- The Panel now recommends BIC/FTC/TAF as a Preferred integrase strand transfer inhibitor (INSTI)–based regimen for children aged ≥2 years and weighing ≥14 kg (AI*). Previously, this regimen was limited to use in children aged ≥6 years and weighing ≥25 kg.
- DOR plus a two-nucleoside reverse transcriptase inhibitor (NRTI) backbone is now recommended as an Alternative non-nucleoside reverse transcriptase inhibitor (NNRTI)–based regimen for children and adolescents weighing ≥35 kg (BI*). The Panel’s recommendation is supported by data from studies that evaluated the efficacy and tolerability of this drug in adults, as well as early findings from pediatric pharmacokinetic (PK) studies. DOR is also available in a FDC tablet as DOR/FTC/TDF (Delstrigo).
- FTC/TAF (Descovy) is recommended as a Preferred dual-NRTI combination in children and adolescents weighing ≥14 kg when used with an INSTI or NNRTI. Use of Descovy with an INSTI or NNRTI was previously limited to children weighing ≥25 kg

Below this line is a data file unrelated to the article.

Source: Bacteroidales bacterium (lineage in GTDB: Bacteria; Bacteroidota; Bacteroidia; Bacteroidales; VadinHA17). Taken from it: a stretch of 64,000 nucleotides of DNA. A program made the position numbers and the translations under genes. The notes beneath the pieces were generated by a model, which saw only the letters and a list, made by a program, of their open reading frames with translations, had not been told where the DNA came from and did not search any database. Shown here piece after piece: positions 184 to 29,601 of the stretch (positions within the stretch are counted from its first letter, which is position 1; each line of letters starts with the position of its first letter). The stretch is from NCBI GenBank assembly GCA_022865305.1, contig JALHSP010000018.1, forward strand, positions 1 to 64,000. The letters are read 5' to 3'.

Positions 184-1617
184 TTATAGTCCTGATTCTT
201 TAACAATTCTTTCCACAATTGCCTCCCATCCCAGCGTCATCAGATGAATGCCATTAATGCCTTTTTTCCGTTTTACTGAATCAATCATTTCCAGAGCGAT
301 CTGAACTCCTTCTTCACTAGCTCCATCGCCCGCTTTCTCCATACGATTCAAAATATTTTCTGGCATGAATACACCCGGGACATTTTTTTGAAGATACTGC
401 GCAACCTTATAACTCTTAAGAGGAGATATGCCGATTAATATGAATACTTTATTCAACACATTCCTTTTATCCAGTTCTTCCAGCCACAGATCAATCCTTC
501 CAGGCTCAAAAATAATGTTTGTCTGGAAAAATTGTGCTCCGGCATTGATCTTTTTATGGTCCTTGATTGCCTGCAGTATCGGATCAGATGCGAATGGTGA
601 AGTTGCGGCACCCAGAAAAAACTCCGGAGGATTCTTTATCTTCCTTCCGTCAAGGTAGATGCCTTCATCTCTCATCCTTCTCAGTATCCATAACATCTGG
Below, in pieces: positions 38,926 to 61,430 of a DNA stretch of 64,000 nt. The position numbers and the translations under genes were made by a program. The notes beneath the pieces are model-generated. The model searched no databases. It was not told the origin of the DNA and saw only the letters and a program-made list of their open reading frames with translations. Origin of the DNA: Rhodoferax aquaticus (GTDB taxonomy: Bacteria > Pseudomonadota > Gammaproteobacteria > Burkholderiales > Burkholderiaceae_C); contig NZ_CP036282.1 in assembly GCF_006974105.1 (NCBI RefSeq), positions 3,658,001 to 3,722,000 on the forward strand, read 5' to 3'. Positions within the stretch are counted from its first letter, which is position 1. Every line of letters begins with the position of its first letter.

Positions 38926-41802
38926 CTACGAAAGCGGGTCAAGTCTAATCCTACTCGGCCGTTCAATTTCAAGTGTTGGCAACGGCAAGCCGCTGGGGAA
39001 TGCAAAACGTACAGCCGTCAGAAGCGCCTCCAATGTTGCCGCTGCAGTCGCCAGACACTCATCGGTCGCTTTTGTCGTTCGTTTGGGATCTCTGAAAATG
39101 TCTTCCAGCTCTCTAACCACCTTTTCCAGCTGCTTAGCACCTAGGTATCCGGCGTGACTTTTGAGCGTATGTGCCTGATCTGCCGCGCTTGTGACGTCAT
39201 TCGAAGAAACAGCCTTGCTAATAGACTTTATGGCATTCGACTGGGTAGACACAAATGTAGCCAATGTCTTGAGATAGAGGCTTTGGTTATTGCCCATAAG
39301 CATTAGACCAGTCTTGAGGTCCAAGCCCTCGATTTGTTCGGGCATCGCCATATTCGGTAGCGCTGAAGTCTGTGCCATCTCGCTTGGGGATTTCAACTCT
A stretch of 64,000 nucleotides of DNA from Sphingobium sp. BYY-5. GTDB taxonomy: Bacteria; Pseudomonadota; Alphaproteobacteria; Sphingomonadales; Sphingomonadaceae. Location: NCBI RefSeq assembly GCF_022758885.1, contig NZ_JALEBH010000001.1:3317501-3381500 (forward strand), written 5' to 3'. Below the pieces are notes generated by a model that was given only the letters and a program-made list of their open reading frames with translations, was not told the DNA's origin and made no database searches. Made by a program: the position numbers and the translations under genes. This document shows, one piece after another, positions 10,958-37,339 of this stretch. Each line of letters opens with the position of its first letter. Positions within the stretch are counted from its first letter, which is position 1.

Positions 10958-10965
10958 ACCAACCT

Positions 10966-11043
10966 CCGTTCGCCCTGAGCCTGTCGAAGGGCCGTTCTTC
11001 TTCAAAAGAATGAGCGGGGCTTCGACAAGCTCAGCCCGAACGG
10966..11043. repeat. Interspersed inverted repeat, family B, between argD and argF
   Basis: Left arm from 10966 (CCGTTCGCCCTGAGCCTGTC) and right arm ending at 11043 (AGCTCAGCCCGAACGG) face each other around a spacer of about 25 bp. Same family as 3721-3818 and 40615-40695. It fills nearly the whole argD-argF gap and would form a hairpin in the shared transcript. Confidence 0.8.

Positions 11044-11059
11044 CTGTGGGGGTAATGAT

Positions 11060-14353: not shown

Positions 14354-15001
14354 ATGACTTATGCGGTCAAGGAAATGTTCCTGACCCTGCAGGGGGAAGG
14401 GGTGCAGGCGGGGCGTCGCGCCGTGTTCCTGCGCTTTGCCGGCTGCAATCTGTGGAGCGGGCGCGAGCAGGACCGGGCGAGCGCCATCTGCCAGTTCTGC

- The Panel recommends abacavir (ABC) plus lamivudine (3TC) or FTC as a Preferred dual-NRTI combination in children aged ≥3 months (AI) and now recommends it from birth in full-term infants aged <3 months (BIII). A negative test for the HLA-B5701 allele should be obtained before starting ABC, regardless of age. Previously, the Panel recommended ABC for infants aged ≥1 month. The Panel changed its recommendation based on PK modeling of neonatal ABC dosing to target adult plasma ABC exposures and on observational data supporting safety of ABC in full-term neonates aged <1 month. An ABC dosing recommendation based on PK simulation models has been endorsed by the World Health Organization using weight-band dosing for full-term infants from birth to 1 month of age. The FDA has approved ABC for use in children aged ≥3 months.
- The section text and Table 9. Antiretroviral Regimens or Components That Are Not Recommended for Initial Treatment of HIV Infection in Children and Adolescents have been updated to include two-drug ARV regimens, as well as three drugs that are not FDA approved for use in ARV-naive children or adults: cabotegravir, fostemsavir, and ibalizumab.